Gender differences are all-important to internal enterprise design—as well as to product development and marketing. As you know, that's been a major pet theme of mine for a decade. I still fight with a lot of people, including my wife, over the extent of such differences. As I see it, like global warming, the science is in—the differences are indeed profound.
Anyway, that's all prelude to one more, in this case semi-scientific, anecdote. Got back to my Boston house at 1 a.m. Saturday. Slept in, and didn't go for my Charles River run (power walk) until 10 a.m. It turned out to be official spring-cleaning day, and a ton of volunteers were out cleaning the winter's crap from the river's edge. After about a quarter or half mile, a little bell went off—and I shifted to semi-scientific mode. Here's my report of my next mile (approximately) of power walking.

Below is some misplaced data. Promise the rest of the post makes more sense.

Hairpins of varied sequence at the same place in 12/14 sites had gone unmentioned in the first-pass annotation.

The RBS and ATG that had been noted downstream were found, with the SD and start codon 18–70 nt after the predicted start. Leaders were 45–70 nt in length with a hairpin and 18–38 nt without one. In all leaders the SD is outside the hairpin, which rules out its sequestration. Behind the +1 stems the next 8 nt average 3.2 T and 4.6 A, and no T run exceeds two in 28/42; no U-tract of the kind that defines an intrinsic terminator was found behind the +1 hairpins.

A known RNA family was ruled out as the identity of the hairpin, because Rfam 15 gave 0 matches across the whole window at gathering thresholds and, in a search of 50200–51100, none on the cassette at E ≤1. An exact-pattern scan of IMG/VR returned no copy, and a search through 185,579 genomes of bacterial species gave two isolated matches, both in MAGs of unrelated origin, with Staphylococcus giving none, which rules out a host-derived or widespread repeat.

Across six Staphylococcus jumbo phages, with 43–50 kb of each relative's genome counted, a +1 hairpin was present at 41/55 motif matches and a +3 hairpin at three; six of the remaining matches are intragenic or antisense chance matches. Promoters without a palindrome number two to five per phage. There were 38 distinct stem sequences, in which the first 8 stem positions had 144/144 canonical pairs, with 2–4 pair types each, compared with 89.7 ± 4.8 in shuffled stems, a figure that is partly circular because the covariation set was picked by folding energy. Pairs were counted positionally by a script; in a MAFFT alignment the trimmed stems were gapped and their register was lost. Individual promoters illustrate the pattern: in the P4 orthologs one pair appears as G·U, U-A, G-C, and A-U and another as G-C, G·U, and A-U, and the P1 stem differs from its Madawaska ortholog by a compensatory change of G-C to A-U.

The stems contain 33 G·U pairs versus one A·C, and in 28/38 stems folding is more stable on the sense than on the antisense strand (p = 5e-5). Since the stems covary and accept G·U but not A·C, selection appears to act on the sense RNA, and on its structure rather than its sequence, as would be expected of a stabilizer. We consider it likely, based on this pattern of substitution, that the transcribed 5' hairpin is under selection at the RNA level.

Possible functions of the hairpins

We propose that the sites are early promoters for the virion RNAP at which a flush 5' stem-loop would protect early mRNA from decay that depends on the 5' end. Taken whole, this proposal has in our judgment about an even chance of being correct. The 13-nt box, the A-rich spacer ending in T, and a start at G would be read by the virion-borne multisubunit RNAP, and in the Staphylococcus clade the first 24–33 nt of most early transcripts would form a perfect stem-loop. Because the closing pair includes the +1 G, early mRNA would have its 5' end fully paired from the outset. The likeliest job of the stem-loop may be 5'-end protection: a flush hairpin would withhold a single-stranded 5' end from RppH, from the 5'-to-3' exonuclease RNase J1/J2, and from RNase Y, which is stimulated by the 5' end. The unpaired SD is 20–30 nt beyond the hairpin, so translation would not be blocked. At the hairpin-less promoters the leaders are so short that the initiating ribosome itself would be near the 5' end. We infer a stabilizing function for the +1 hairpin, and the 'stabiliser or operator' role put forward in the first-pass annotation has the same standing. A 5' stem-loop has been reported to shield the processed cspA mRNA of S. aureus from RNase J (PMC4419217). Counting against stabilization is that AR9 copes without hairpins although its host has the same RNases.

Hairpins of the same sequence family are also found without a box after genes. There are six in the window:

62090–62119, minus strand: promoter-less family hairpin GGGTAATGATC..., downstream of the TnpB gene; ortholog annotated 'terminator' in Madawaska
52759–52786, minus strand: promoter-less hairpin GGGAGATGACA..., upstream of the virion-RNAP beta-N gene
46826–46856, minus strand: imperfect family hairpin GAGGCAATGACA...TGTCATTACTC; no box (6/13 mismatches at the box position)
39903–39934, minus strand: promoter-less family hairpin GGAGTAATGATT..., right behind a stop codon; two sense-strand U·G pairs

The volunteer cleaning crew:
91 women, 16 men.
12 of the 16 men were with a woman, each in a pair; the 4 by-themselves males consisted of a pair and 2 solos.
Do your sums, and that means that 79 of the 91 women were in all-female groups.
Only 2 of the women were solo (2 male solos out of 4 by contrast—but a wee sample). Though I wouldn't vouch for the precise accuracy of the next statistic, my rough recording shows that the median size of the groups of women was 3.
One point of these stats is to show how clear-cut such differences are. If I made a comment about the community-mindedness or group-mindedness of women, and the tally were 61 to 46 that would be one thing, though even then a big difference; 91-16 is, simply, a slam-dunk. And if 7 of the 16 guys had been solo or in an all-male group that would have been "interesting"—but not so compelling as the hypothesis that most of the guys (12 of 16) were probably only there because they'd been dragged by a girlfriend or flat-mate.
Bulletin: Men and Women are (very) different.
[Tom's photo at the top is an eight (crew) on the Charles River rowing past MIT.—CM]